I could present an article on the White House Happy Hour with Gates, Crowley, and the Prez…it would be oh-so-sexy, not mention fun to whine about the fact that the beer fest really need not be the leading headlines when we might actually have better things to discuss. But really, that is all so last week. In fact, I’m not even going to read the 2.874 million articles that will surely be discussing what kind of beer they exchanged sweet nothings over. Hence, I’ll have nothing to talk about on that score. And, I’m not ignoring just because I’m not of the beer-drinking persuasion.
Instead! There is this really interesting (for real!) Op-Ed piece by Paul Krugman on the Realities of Health Care. He starts off with an amusing anecdote, which is really more tragic than anything else:
At a recent town hall meeting, a man stood up and told Representative Bob Inglis to “keep your government hands off my Medicare.” The congressman, a Republican from South Carolina, tried to explain that Medicare is already a government program — but the voter, Mr. Inglis said, “wasn’t having any of it.”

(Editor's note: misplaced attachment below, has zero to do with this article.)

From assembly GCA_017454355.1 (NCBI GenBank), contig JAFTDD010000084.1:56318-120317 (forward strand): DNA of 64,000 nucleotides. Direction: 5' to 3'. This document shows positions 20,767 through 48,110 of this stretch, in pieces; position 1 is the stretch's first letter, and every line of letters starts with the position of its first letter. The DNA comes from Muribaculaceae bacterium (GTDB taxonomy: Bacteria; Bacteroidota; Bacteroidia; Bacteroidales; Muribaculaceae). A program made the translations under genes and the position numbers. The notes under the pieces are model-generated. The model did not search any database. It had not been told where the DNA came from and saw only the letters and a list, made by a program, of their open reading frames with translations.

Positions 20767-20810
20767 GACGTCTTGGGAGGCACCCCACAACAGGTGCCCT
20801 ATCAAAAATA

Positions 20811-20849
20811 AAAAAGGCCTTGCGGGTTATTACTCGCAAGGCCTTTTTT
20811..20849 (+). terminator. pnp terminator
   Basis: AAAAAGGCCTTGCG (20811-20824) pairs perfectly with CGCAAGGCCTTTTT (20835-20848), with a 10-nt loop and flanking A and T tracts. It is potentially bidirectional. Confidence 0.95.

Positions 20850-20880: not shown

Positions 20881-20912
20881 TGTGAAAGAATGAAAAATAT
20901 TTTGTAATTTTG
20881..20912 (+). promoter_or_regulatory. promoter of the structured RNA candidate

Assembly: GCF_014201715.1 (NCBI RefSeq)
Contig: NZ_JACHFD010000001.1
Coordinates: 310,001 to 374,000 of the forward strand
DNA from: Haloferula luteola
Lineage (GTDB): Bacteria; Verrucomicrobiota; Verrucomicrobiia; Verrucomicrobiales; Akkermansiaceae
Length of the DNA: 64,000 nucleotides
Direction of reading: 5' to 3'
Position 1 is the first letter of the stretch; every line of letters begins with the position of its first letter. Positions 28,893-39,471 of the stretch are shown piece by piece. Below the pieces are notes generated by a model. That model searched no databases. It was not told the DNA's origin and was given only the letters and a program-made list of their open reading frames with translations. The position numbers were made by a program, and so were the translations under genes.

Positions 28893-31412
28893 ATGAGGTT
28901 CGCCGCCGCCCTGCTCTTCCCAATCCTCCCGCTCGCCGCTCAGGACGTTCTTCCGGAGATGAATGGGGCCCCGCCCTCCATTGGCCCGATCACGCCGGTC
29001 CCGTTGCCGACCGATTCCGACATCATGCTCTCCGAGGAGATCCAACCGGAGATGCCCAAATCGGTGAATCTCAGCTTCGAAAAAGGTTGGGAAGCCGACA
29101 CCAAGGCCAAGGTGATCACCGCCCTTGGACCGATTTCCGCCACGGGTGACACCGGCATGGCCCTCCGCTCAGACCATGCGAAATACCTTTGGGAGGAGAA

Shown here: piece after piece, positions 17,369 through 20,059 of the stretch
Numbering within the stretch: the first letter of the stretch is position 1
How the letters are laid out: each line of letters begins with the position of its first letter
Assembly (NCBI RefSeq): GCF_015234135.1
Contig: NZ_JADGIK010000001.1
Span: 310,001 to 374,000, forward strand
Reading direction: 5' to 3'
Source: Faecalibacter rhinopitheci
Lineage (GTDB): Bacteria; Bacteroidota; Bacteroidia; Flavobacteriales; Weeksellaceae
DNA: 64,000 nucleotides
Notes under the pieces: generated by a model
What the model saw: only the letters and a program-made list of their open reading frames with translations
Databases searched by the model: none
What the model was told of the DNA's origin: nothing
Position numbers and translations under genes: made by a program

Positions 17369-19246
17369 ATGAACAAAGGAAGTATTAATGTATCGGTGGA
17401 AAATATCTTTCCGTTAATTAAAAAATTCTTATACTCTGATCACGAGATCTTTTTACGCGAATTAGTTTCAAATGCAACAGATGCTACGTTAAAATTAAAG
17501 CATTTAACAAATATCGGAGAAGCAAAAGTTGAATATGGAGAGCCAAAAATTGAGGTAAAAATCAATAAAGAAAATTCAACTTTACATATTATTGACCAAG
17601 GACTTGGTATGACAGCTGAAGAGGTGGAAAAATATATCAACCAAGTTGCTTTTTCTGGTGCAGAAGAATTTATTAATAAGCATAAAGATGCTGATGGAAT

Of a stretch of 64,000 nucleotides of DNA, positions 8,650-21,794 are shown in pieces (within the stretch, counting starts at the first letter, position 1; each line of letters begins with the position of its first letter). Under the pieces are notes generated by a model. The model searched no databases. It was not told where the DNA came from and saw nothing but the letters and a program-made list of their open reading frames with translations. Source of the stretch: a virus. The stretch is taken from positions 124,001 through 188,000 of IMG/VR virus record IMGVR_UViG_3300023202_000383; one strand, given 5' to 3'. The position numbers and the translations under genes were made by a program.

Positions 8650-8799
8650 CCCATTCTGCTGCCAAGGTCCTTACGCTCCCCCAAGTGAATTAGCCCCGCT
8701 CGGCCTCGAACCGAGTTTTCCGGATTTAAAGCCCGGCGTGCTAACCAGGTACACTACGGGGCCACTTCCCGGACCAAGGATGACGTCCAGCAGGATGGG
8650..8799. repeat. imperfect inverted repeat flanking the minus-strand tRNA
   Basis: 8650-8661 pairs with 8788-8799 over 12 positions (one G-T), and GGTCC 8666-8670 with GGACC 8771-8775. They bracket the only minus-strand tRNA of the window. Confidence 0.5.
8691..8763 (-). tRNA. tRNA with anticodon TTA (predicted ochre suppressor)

As Krugman later writes, Americans don’t understand the health care system we are working with now, so how can they be expected to understand the reforms that are needed? This article is worth a read for those wondering how badly can government intervention in health care really mess things up, for that is exactly what the conservatives would like us to believe. What is government already doing right?
Still, most Americans under 65 do have some form of private insurance. The vast majority, however, don’t buy it directly: they get it through their employers. There’s a big tax advantage to doing it that way, since employer contributions to health care aren’t considered taxable income. But to get that tax advantage employers have to follow a number of rules; roughly speaking, they can’t discriminate based on pre-existing medical conditions or restrict benefits to highly paid employees.
And it’s thanks to these rules that employment-based insurance more or less works, at least in the sense that horror stories are a lot less common than they are in the individual insurance market.
So here’s the bottom line: if you currently have decent health insurance, thank the government.
While we may not be sold on the current plan, as it’s being tweaked half to death, it’s difficult to say that we need no government plan.